Lecture 11 - POL2156B FOUNDATIONS OF RESEARCH STATISTICAL...

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POL2156B FOUNDATIONS OF RESEARCH STATISTICAL SIGNIFICANCE & COURSE RECAP
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LECTURE PLAN Hypothesis testing Course recap The Final Examination
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DETERMINING THE ACCURACY OF YOUR RESULTS: A RECAP Researchers hardly ever want to merely describe their samples alone. They almost always want to reach conclusions about the larger population from which the sample has been drawn. Inferential statistics are crucial to reaching conclusions (making inferences ) about the larger population.
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DETERMINING THE ACCURACY OF YOUR RESULTS Whether you’re trying describe the distribution of one or many variables within a population, or trying to determine the relationship between two variables within a population, it’s critical to assess the degree of certainty with which you can say that the results you found in your sample correspond to what’s actually going on in the population you’re trying to study (even though what’s actually going on is typically unknown!). The group of statistics called tests of statistical significance allow you to determine how accurate your results are.
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PROBABILITY THEORY 1. Each sample is a random sample drawn from the population.
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PROBABILITY THEORY 2. If you draw random samples repeatedly from a population, measure a single estimator (statistic) each time, you’ll find something interesting: those sample estimators, taken altogether, will be normally distributed .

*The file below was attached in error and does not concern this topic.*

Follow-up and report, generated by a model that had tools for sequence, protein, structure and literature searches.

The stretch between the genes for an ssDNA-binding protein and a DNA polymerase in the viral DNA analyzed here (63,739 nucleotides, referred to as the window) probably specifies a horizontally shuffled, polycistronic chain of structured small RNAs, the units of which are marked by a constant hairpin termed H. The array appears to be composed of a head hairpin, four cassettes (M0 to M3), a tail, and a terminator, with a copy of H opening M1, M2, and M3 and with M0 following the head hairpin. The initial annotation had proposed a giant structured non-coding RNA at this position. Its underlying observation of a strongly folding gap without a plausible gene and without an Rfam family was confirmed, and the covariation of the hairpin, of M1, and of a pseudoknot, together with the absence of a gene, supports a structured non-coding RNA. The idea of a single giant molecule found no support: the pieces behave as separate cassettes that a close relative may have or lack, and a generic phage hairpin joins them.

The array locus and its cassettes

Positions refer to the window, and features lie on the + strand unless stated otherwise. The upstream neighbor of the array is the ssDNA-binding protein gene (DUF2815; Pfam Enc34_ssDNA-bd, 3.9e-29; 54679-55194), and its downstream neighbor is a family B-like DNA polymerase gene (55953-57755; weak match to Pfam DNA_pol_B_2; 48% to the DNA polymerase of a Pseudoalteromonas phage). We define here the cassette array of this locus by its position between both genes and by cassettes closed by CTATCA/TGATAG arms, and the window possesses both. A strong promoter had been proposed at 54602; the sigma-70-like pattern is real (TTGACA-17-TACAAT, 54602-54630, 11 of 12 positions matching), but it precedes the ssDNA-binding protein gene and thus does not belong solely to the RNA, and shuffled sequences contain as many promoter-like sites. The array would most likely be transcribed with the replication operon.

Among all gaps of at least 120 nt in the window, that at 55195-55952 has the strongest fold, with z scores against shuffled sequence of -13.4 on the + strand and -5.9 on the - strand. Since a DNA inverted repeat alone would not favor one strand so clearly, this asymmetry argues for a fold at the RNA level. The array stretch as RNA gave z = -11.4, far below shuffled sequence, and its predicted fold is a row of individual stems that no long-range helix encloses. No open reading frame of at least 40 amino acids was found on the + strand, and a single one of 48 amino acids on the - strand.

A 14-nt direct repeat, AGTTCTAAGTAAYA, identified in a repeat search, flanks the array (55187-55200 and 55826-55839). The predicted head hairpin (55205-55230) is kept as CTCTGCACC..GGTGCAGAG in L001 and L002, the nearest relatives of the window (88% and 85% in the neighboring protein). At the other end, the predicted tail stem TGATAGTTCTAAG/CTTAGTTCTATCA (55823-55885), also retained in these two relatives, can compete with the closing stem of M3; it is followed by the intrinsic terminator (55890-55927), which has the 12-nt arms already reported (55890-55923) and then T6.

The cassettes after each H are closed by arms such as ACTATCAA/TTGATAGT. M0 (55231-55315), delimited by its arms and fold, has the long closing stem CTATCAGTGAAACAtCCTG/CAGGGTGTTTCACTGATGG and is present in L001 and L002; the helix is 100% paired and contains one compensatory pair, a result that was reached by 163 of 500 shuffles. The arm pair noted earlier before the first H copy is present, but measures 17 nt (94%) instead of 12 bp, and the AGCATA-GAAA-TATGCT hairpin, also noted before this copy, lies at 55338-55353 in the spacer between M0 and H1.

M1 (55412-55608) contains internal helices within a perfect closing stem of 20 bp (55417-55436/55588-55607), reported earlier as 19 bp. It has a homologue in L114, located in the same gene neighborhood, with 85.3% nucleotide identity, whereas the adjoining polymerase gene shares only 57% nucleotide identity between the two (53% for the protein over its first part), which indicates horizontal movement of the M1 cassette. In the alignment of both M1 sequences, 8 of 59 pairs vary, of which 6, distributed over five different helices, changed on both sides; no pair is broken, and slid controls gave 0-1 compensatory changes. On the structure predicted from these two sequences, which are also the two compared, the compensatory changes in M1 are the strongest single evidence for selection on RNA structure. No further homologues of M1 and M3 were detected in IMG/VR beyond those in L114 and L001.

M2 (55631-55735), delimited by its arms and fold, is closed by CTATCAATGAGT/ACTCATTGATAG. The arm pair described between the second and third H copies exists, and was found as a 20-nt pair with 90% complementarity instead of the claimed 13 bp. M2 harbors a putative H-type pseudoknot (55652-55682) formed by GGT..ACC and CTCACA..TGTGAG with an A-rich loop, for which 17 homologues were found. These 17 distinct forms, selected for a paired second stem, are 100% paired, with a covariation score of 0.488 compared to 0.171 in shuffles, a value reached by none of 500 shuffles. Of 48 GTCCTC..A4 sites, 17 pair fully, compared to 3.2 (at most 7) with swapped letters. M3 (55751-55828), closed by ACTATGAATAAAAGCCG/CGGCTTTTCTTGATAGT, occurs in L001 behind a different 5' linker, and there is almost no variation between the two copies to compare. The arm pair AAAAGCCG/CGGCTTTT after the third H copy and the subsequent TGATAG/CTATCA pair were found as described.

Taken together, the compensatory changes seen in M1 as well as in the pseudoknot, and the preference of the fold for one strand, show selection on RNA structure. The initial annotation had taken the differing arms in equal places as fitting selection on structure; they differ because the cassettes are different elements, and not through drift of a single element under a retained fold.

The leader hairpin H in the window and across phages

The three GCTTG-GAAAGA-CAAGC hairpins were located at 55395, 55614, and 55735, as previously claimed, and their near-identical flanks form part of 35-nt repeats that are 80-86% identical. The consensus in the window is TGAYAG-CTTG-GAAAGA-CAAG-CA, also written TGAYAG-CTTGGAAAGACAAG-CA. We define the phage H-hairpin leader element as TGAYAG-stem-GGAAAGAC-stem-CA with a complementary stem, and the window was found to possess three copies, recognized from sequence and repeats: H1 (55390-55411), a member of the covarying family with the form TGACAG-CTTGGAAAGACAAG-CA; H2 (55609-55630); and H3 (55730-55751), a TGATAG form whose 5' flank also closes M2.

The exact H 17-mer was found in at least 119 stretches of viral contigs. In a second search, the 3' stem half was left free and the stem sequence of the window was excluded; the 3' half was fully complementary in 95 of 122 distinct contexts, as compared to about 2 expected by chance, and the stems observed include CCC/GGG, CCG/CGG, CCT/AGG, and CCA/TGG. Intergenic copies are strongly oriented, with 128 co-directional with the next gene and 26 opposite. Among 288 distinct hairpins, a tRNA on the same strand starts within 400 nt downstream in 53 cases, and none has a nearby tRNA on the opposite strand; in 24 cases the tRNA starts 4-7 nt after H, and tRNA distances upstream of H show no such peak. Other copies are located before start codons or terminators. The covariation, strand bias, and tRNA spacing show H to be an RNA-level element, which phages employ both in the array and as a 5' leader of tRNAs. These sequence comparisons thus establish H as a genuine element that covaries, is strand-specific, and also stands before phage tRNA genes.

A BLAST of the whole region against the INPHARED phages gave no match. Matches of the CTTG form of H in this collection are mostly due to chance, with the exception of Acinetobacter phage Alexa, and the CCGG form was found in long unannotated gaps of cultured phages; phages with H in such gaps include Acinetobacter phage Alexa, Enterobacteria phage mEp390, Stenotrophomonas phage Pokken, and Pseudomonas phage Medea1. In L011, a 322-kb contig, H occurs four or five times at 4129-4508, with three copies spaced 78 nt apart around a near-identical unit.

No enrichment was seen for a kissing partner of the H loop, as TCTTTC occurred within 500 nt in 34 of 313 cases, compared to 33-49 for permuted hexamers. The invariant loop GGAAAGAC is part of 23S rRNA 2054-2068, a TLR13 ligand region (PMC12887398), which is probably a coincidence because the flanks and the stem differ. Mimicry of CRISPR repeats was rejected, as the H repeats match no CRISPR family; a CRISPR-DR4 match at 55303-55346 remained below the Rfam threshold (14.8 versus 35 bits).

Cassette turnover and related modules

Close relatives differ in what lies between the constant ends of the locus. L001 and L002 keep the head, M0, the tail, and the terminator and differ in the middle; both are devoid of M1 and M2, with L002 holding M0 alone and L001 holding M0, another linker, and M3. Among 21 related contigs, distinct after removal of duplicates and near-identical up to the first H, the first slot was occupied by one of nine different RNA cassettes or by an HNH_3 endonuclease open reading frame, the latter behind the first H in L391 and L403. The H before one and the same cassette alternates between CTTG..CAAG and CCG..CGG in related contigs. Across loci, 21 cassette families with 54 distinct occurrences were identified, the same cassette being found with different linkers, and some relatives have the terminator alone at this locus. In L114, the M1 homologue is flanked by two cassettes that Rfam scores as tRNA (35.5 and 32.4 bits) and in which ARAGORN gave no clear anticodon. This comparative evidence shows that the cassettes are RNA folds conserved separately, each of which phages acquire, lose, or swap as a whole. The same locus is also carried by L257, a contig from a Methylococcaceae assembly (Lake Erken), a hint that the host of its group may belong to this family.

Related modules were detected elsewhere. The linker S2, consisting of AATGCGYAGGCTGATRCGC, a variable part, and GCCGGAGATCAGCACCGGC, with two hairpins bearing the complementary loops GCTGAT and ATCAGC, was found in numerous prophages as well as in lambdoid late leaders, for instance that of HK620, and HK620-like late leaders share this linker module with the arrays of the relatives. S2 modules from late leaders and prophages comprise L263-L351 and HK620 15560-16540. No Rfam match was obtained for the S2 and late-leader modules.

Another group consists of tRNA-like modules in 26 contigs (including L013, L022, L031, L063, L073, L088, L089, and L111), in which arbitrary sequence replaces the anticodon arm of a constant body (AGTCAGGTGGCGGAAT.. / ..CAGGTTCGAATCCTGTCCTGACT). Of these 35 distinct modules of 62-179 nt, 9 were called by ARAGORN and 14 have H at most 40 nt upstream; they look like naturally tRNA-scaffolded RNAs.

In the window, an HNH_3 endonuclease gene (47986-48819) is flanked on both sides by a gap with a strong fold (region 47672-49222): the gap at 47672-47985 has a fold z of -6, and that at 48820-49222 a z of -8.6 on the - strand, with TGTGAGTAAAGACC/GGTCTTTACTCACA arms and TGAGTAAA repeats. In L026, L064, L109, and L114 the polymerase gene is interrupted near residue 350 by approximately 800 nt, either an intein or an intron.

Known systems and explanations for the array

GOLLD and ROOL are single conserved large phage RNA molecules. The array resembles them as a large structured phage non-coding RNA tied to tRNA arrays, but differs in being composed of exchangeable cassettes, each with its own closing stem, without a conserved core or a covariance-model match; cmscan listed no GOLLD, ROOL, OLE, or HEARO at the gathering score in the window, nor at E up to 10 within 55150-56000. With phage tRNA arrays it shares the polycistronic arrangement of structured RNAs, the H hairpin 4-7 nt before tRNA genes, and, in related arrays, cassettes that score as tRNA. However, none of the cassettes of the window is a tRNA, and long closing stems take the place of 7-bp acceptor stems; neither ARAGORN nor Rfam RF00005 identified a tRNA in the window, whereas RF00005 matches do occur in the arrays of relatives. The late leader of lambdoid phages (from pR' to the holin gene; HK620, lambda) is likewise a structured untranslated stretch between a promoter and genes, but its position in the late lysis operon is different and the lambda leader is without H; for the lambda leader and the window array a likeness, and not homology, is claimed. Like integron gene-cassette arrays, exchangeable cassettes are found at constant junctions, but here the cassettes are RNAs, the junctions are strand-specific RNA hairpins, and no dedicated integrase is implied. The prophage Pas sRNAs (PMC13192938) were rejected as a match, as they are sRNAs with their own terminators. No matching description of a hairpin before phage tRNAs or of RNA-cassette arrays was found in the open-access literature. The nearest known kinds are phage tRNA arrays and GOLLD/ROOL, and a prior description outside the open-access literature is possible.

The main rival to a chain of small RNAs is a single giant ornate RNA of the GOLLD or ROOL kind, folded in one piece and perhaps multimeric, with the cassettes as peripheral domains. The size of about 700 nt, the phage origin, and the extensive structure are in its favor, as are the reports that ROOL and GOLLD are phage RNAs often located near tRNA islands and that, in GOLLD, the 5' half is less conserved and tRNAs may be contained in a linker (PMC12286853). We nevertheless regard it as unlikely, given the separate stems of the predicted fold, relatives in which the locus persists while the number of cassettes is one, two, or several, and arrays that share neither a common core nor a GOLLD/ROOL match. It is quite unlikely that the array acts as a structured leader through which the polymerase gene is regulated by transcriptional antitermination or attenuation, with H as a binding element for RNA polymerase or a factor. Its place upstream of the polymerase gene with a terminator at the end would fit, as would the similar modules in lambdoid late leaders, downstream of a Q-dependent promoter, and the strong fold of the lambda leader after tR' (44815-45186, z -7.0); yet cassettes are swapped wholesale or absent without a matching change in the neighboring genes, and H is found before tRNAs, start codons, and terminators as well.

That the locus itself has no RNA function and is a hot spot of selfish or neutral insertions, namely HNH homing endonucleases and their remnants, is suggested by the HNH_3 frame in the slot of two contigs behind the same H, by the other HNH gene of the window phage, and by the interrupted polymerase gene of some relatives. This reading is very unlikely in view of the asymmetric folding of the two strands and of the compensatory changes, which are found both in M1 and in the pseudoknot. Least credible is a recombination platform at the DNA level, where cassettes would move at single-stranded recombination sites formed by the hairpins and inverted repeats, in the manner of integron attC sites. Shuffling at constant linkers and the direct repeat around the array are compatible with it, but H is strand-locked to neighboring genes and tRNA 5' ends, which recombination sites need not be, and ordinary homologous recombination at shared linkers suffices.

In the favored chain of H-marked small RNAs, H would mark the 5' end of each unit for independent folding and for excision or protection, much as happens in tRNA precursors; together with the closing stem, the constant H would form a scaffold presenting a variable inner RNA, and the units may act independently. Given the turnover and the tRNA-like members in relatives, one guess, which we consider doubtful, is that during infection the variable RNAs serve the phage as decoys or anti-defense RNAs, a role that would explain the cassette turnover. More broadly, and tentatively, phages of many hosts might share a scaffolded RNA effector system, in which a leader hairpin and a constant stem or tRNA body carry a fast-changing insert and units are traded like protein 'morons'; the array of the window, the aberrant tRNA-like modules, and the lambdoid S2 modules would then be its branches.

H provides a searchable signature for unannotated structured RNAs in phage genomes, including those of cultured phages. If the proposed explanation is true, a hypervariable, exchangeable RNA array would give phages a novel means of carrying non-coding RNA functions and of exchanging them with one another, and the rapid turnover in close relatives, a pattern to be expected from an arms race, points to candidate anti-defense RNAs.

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WHAT’S A NORMAL DISTRIBUTION? To understand what a normal distribution is, imagine if we organized a bunch of samples according to some statistic (say, the percentage of people in the sample who said they would vote Conservative). If we order those sample percentages from lowest value (on the left) to highest value (on the right) and put them on a horizontal axis, with the frequency (the number of samples) in each category on the vertical axis, it’ll look something like this:
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THE STANDARD NORMAL DISTRIBUTION Frequency of Samples 1 Standard Deviation (68 % of samples) 2 Standard Deviations (95 % of samples) Estimator Values The true value of the statistic in the population
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PROBABILITY THEORY (CONTINUED) Assumptions about the distribution of the sample proportion (or another sample statistic) continued: 3. The mean of the distribution of sample proportions from repeated samples equals the true proportion in the population. 4. The standard error (the spread of values around the mean) of the mean of sample proportions is always the same: one standard error represents 34.13% of samples in either direction from the mean of the sample proportions (roughly 68% overall), and two standard errors represent 47.73% of samples in either direction from the mean (roughly 95% overall).
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PROBABILITY THEORY (CONTINUED) The standard error is another term for the standard deviation of the mean of sample proportions. Repeated sample proportions form a normal
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Lecture 11 - POL2156B FOUNDATIONS OF RESEARCH STATISTICAL...

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